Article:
time difference between the arrival of these pulses in each group.

I am thinking of using a very fast free running reference counter and
latches. I will let the pulses act as a strobe to capture the output
values of the counter. By comparing the values in the latches I can
calculate the time difference between the arrival of the pulses.

By my calculation, I need at least a 24 bit counter and thus 24 bit
latches. Also, I will need a precise 10Mhz clock.

Thus I will require 40 (forty) 24 bit latches, and a free running 24
bit binary counter. I wil need to be able to read all the output of
the latches. Also, 40 different inputs should be available.

The question is: Is there a single FPGA or CPLD that has the
capability to implement the above? If no, how many will I need and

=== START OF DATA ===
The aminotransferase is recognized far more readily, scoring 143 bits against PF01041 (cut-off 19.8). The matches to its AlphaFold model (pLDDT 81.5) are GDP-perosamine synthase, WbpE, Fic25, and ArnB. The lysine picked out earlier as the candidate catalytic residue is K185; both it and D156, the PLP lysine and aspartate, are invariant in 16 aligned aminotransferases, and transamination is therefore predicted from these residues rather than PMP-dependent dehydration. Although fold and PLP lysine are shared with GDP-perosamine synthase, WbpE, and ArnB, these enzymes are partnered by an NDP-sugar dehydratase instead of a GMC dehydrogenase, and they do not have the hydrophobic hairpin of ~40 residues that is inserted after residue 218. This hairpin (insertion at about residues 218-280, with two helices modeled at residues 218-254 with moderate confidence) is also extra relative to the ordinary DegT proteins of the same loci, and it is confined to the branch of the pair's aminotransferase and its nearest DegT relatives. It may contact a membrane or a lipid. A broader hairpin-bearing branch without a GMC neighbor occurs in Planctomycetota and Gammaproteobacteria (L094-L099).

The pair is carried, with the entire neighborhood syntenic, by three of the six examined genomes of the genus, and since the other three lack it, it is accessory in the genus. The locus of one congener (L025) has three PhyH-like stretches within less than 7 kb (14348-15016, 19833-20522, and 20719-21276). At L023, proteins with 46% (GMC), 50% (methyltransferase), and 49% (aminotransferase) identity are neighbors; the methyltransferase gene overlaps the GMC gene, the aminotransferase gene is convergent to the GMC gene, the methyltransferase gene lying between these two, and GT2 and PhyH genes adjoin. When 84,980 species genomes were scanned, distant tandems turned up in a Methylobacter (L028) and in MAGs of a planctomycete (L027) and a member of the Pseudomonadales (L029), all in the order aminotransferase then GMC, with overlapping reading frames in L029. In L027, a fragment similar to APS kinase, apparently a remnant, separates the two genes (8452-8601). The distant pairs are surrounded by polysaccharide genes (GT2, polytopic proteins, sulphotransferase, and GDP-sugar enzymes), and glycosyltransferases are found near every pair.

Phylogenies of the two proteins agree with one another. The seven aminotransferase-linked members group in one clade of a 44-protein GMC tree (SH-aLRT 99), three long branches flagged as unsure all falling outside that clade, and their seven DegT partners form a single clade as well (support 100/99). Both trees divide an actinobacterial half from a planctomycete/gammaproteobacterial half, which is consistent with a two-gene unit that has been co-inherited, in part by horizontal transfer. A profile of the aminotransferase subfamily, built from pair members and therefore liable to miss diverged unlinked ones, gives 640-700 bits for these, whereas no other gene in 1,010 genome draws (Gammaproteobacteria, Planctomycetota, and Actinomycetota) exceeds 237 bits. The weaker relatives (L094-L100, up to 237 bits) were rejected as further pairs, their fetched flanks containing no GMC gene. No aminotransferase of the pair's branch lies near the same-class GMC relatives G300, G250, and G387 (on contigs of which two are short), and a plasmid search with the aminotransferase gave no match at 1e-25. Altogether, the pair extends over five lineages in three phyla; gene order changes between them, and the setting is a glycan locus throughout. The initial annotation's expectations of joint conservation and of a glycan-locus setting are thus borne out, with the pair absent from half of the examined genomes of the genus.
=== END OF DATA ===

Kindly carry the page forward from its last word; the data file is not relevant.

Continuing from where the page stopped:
which types and makes?

Also, will it be easy to connect the FPGA to a PC bus and control it?
I will also probably need a link to hardware interrupts to notify the
PC of the availability of data to be read from the latches.

Any help or better ideas to implement the above will be greatly
appreciated.


Thank You

Ali

Article: 33948
Subject: Problem with fft16 generated by Xilinx Core Gen 3.1i
From: google-group@rauschert-online.de (Peter Rauschert)
Date: 9 Aug 2001 05:17:00 -0700
Links: << >>  << T >>  << A >>
Hi there,

I've got a problem while trying to implement a fft16 (V1.0.3)
generated by the Xilinx Core Generator into Renoir (FPGA Advantage
4.0) by Mentor.

Using the generated .vho file I made an in-line component
configuration and when I try to generate HDL the following error
appears:
---
"my_fft_core_rtl.vhd",line 42: Error, unit 'xilinxcorelib.vfft16_comp'
was not found or has errors (possibly in a dependency).
---
But the libraries xilinxcorelib, unisim and simprim are compiled
correctly (without errors) by modelsim and mapped into renoir.

Maybe someone has an idea and can help me to solve this problem ??

Article: 33949
Subject: Re: Question on use of FPGA in a special Data Aquisition system
From: Steven Derrien <sderrien@irisa.fr>
Date: Thu, 09 Aug 2001 14:22:46 +0200